New renters are not getting much of a break when they sign a lease these days. The Covid discount is practically gone as rents climb on a monthly basis—even though they are still below what they were in 2019.
One of the reasons apartments seem more expensive is that the deals have dried up. Concessions are harder to find—those include free months and landlord-paid broker fees that made renting a NYC apartment suddenly more affordable during the height of the pandemic. Also making renting more painful these days: The number of available apartments has plunged—in Manhattan inventory was down 44 percent last month compared to a year ago, according to the Elliman Report for Manhattan, Brooklyn, and Queens rental markets.
Demand for new leases from returning New Yorkers, coming on the heels of an influx during the pandemic of deal-seeking renters—has emboldened landlords to withhold concessions and raise rents.
But demand slowed sharply last month, following a slight dip in August—a result of companies pushing off office reopenings into the late fall and winter, or the new year, because of concerns over the Delta variant.
In Manhattan, the number of new lease signings rose year over year for the 12th straight month, but at a more modest rate of 4.4 percent. Compared to August, lease signings were down 36.1 percent
“It’s the first time in 12 months new leasing has not set a record,” says Jonathan Miller, president and CEO of appraisal firm Miller Samuel and author of the report. Every month since last October leasing activity has set a record either for that specific month or for any month. “This is the first time that has not happened,” Miller says.
Typically July and August are big months for leasing—but that didn’t happen this year either and Miller blames Delta.
“September was the month corporate America was supposed to be back,” Miller says. “But now we’re looking at callbacks spread out into 2022.”
In Manhattan, the net effective median rent in September ($3,216) rose year over year by 5.9 percent but fell short of the same period in 2019 ($3,411).
The share of new Manhattan leases that came with a concession in September was 30.4 percent—the lowest rate in nearly four years and a drop from August when it was 37 percent. In September 2020, that share was 55.4 percent. The average amount of concessions landlords are offering is also getting smaller—it was 1.8 months in September compared to two months in September 2020.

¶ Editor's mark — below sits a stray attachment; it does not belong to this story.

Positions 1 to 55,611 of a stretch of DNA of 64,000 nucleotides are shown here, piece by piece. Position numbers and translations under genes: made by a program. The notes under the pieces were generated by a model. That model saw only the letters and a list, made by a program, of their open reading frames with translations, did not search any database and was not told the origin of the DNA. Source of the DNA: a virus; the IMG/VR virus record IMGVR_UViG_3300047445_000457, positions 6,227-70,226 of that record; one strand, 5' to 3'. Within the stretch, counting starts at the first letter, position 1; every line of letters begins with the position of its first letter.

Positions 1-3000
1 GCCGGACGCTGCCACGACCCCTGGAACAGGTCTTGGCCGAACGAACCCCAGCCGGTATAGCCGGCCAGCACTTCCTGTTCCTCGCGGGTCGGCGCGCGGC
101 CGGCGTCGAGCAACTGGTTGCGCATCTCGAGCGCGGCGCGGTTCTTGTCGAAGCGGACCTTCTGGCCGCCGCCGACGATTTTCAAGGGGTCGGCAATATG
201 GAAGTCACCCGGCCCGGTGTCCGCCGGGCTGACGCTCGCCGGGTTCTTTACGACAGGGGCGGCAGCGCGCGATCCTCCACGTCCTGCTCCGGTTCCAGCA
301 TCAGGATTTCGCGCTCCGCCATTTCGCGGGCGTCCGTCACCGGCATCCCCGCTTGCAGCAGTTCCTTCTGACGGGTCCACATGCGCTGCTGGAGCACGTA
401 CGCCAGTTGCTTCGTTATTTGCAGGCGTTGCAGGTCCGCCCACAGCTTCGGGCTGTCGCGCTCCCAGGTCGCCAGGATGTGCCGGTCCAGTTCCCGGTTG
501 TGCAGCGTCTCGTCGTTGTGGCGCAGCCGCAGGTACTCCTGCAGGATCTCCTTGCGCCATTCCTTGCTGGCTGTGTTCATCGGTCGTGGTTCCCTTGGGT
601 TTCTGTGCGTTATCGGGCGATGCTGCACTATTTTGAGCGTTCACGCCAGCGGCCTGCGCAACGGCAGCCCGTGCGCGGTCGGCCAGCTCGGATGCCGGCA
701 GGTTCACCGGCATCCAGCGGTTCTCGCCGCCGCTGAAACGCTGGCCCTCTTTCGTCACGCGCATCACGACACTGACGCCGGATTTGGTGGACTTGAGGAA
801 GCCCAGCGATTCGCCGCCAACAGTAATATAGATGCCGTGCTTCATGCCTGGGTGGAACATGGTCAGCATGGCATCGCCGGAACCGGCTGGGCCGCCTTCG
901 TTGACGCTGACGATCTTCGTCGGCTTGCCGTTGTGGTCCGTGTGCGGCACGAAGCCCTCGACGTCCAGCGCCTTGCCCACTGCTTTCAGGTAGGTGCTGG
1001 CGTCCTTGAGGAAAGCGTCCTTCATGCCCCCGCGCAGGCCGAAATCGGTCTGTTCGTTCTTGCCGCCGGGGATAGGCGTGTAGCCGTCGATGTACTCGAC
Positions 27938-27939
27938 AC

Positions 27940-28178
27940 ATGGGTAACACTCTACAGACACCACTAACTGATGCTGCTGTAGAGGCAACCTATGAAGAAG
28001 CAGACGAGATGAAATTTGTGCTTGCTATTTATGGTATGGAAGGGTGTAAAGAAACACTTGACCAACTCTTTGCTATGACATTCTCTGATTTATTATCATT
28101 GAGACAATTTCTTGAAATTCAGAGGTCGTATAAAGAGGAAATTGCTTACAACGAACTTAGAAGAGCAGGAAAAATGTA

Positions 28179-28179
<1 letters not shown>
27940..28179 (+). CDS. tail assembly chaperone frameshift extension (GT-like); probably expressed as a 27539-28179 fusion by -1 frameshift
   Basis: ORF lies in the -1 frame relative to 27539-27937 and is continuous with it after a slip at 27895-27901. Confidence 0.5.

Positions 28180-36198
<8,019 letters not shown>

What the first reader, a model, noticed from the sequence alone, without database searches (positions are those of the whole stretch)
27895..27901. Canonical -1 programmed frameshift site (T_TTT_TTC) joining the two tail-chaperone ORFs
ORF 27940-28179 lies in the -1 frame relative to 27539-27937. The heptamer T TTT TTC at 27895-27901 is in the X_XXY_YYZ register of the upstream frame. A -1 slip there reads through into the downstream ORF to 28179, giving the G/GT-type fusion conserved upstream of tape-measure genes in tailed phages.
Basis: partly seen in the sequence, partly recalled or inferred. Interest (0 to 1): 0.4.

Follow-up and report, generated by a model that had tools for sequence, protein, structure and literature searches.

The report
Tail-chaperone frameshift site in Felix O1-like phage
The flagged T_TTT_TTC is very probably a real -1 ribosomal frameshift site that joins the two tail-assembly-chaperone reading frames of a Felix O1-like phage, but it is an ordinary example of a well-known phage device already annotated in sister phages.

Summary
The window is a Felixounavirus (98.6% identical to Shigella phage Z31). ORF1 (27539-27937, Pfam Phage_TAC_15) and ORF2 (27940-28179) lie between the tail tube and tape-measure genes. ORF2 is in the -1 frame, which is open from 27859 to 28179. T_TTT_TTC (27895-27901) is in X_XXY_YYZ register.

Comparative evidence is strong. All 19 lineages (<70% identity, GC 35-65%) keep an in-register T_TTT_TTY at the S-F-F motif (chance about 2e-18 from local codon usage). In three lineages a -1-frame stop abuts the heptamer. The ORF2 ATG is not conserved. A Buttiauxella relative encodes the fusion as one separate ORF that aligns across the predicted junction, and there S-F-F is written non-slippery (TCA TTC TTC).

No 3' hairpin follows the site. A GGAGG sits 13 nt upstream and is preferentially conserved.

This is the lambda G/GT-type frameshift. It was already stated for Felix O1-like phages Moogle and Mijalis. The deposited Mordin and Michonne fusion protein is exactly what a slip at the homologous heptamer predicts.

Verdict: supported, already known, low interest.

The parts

New leases in Brooklyn saw the largest year over year increase for September since 2008 with an increase of 4.5 percent over September 2020. However, new leases were down by 28.3 percent if you compare them to August.
Net effective rent in Brooklyn has increased month over month for two of the past three months. In September it was $2,781, was up 2.2. percent over August.
The share of new Brooklyn leases with concessions was down to 28.2 percent in September—a year ago it was 48 percent.
Over in northwest Queens, the increase in new lease signings more than doubled compared to a year ago but fell short of setting a record for the first time in six months, the report said. Compared to the previous month, new leases were down by 30.1 percent.
Net effective median rent in Queens for September was $2,618, an increase of 7.2 percent over September 2020.
Covid discount ‘a thing of the past’
Corcoran released September rental market reports for Manhattan and Brooklyn and Gary Malin, COO of Corcoran, notes that as New York City rents rebound from their pandemic lows, “Covid discounts are largely a thing of the past.”
He attributes the increase in rents in Manhattan and Brooklyn from August to “simple supply and demand,” noting that the number of available apartments in both boroughs has “plummeted.”
“The speed of the turn-around has been truly remarkable,” he says, adding that “a competitive rental market is a powerful sign that our city is back.”
MNS also unveiled its September rental market reports for Manhattan, Brooklyn, Queens, and the Bronx. The reports drill down to look at rents by apartment size and neighborhood—and compare doorman to non-doorman buildings in Manhattan. Findings include: The largest monthly decreases were for doorman two bedrooms in Harlem, doorman studios and two bedrooms in Gramercy.
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